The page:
Around the area where I live, in a suburb to the north of New York City, we occasionally get reports of bear sightings — either a bear or bear cubs will wander aimlessly through local streets or perhaps rummage through neighborhood garbage cans looking for food.
These black bears usually remain within the confines of a nearby state park, but let me assure you, seeing one roaming around in your backyard will get your attention very quickly. But this only happens early in the spring; for the rest of the spring and summer they’re back within their normal habitat.
By mid or late fall, these creatures go into hibernation. Indeed, the American black bear (Ursus americanus) can go up to 100 days without waking up. Most bears generally enter hibernation in October and emerge sometime in April or May, when their food is plentiful again. [Image Gallery: Best of Bears]
And so it is at this particular time of the year that the celestial Big Bear seems to follow its earthly cousins — having spent the winter season lying low to the northern horizon, it is now roaming prominently across our evening sky.
The Bear’s origin
Step outside around 10 p.m. local daylight time this week and crane your neck nearly overhead and toward the north and you’ll see the seven bright stars that compose the famous Big Dipper. At this time of the year, the bowl appears tilted down, draining its unknown contents toward the northern horizon.
The Big Dipper, popular as it is, is not officially a constellation. Rather, it is an asterism, a group of stars that form a particular eye-catching shape within a constellation or across several constellations. In this case, the Big Dipper is actually just a part of Ursa Major, the Big Bear.
Scholars are fairly sure that the oldest of our star groups trace back to the Mesopotamian peoples of five or more millennia ago. In fact, the creatures that make up the ancient Western constellations are similar to those in the Bible, and there hints that some are far older.
The fact that the Big Dipper formed a bear to American Indians and to the cultures of the Old World and Siberia suggests that the star pattern we have come to call Ursa Major is actually a piece of Stone Age culture perhaps as much as 8,000 to 12,000 years old. That is the estimated era of the last migration from Siberia to North America across the Bering Strait. [Top 10 Mysteries of the First Humans]
The Greek word for bear is arktos (from which we get the word "arctic"). So Ursa Major likely represents not a black or grizzly bear, but a polar bear.
But those mists of antiquity can indeed be misty.
Was it a drinking gourd?
For example: The Big Dipper itself has always been a source of frustration to some constellation historians. Exactly who came up with this name?
For much of the world this pattern has been seen as, if not a bear, then some sort of a wagon; in the United Kingdom it’s popularly known not as a dipper, but as a plough. As a long-handled ladle or pan, it is strictly an American phenomenon, mentioned in 19th-century books but not before.
Perhaps there is some connection between the Dipper and the "Drinking Gourd Song" sung by slaves in the pre-Civil War south, some of whom managed to flee north to the Ohio River and ultimately on to freedom.
"Follow the Drinkin’ Gourd" was a song supposedly used by an Underground Railroad operative to encode escape instructions and a map. As it turns out, a drinking gourd referred to a hollowed-out gourd used by slaves as a water dipper. But here it was used as a code name for the Big Dipper. And indeed, the two outer stars in the Dipper’s bowl (Dubhe and Merak) point to Polaris, the North Star.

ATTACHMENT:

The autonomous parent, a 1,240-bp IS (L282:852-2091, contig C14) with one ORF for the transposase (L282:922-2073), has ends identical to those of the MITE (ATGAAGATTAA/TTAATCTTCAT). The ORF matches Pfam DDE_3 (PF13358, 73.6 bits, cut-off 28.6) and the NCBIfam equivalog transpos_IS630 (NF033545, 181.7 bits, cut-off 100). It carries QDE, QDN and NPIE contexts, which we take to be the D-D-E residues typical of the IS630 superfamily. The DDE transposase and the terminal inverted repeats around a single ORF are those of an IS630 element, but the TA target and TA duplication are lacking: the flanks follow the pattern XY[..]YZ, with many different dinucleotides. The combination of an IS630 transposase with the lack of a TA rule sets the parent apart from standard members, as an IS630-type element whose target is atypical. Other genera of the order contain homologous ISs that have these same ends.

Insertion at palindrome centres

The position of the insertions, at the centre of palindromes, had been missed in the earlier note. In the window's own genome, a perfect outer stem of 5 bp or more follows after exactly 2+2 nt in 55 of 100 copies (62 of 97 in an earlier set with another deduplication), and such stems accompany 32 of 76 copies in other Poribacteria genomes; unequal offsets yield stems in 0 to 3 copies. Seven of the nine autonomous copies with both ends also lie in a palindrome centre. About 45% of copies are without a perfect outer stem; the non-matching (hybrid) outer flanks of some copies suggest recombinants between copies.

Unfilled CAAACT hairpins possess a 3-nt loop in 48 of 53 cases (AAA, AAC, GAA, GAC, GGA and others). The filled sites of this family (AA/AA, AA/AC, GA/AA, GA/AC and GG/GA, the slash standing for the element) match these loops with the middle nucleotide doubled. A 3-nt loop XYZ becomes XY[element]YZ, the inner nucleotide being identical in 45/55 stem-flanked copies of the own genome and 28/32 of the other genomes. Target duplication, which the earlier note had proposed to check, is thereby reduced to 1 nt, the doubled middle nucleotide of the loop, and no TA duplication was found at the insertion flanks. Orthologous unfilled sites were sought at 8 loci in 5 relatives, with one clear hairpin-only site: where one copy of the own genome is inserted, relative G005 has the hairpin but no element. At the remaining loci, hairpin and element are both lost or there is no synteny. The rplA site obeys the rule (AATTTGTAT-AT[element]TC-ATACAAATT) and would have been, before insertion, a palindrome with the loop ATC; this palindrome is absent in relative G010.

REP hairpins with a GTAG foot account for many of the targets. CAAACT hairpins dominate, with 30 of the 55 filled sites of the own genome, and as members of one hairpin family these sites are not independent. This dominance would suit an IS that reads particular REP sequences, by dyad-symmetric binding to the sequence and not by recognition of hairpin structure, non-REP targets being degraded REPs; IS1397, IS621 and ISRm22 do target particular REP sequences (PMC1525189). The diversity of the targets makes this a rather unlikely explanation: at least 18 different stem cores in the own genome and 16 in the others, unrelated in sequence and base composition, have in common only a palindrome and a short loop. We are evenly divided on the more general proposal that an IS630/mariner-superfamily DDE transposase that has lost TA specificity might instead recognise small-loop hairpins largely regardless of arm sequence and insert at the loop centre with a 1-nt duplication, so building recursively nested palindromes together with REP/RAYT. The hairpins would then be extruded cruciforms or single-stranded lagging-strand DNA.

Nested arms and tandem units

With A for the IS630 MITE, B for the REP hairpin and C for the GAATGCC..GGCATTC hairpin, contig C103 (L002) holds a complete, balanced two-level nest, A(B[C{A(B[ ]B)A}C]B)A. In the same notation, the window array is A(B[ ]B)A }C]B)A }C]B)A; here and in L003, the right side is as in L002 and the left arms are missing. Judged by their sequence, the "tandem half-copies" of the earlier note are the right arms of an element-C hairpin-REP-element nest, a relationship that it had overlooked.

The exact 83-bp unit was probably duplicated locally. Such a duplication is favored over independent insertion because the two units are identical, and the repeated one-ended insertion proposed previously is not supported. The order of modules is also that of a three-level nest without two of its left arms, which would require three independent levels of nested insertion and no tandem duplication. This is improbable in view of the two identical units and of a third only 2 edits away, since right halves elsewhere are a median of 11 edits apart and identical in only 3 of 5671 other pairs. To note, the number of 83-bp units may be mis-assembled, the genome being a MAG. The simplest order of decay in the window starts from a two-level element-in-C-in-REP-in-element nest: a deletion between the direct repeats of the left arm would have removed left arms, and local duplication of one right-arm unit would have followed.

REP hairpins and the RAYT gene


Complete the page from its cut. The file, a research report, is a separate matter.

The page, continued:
The tale of the tail
Getting back to the subject of bears, well-known early 20th century amateur astronomer William Tyler Olcott wrote the following of Ursa Major in his 1929 "Field Book of the Skies:" "By no stretch of the imagination can the figure of a bear be traced out of the stars in this region, and it is one of the great mysteries as to how the constellation came to be so named." Fair enough.
But then, just two pages later, Olcott carefully identified all the parts of the bear!
The stars Alkaid, Mizar and Alioth, which form the handle of the Dipper (or Plough), always cause a problem. Anyone who has seen a bear in a zoo knows that bears do not have long tails like a German shepherd, but short stubby ones instead.
When I point Ursa Major out to audiences at the Hayden Planetarium at the American Natural History Museum in New York City, I tell the story about how the Roman god Jupiter changed the nymph Callisto into a bear, then hoisted her up into the sky to escape the wrath of his wife Juno.
Callisto was a veritable bear, complete with sharp teeth and claws, so Jupiter grasped her by her stubby tail. But because she was so very heavy, her tail (supposedly) stretched on the long trip up to the sky!
Dipper Down Under
A final note: This is the time of year that the Big Dipper is visible during evening hours well south of the equator.
In fact, the figure of an upside-down Dipper can be seen resting just above the northern horizon as far south as 30 degrees south latitude, which encompasses two-thirds of Australia.
In his classic star guide, "The Stars: A New Way to See Them," author H.A. Rey drew a cartoon of a kangaroo with a joey in her pouch over the caption, "The Dipper? Never seen it . . ." That comment obviously would apply only to kangaroos who live as far south as Melbourne or Sydney.
Then again, you don’t see too many kangaroos roaming the streets of Melbourne or Sydney. Or bears, for that matter!
Joe Rao serves as an instructor and guest lecturer at New York's Hayden Planetarium. He writes about astronomy for The New York Times and other publications, and he is also an on-camera meteorologist for News 12 Westchester, New York. Follow us @Spacedotcom, Facebook or Google+. Originally published on SPACE.com.
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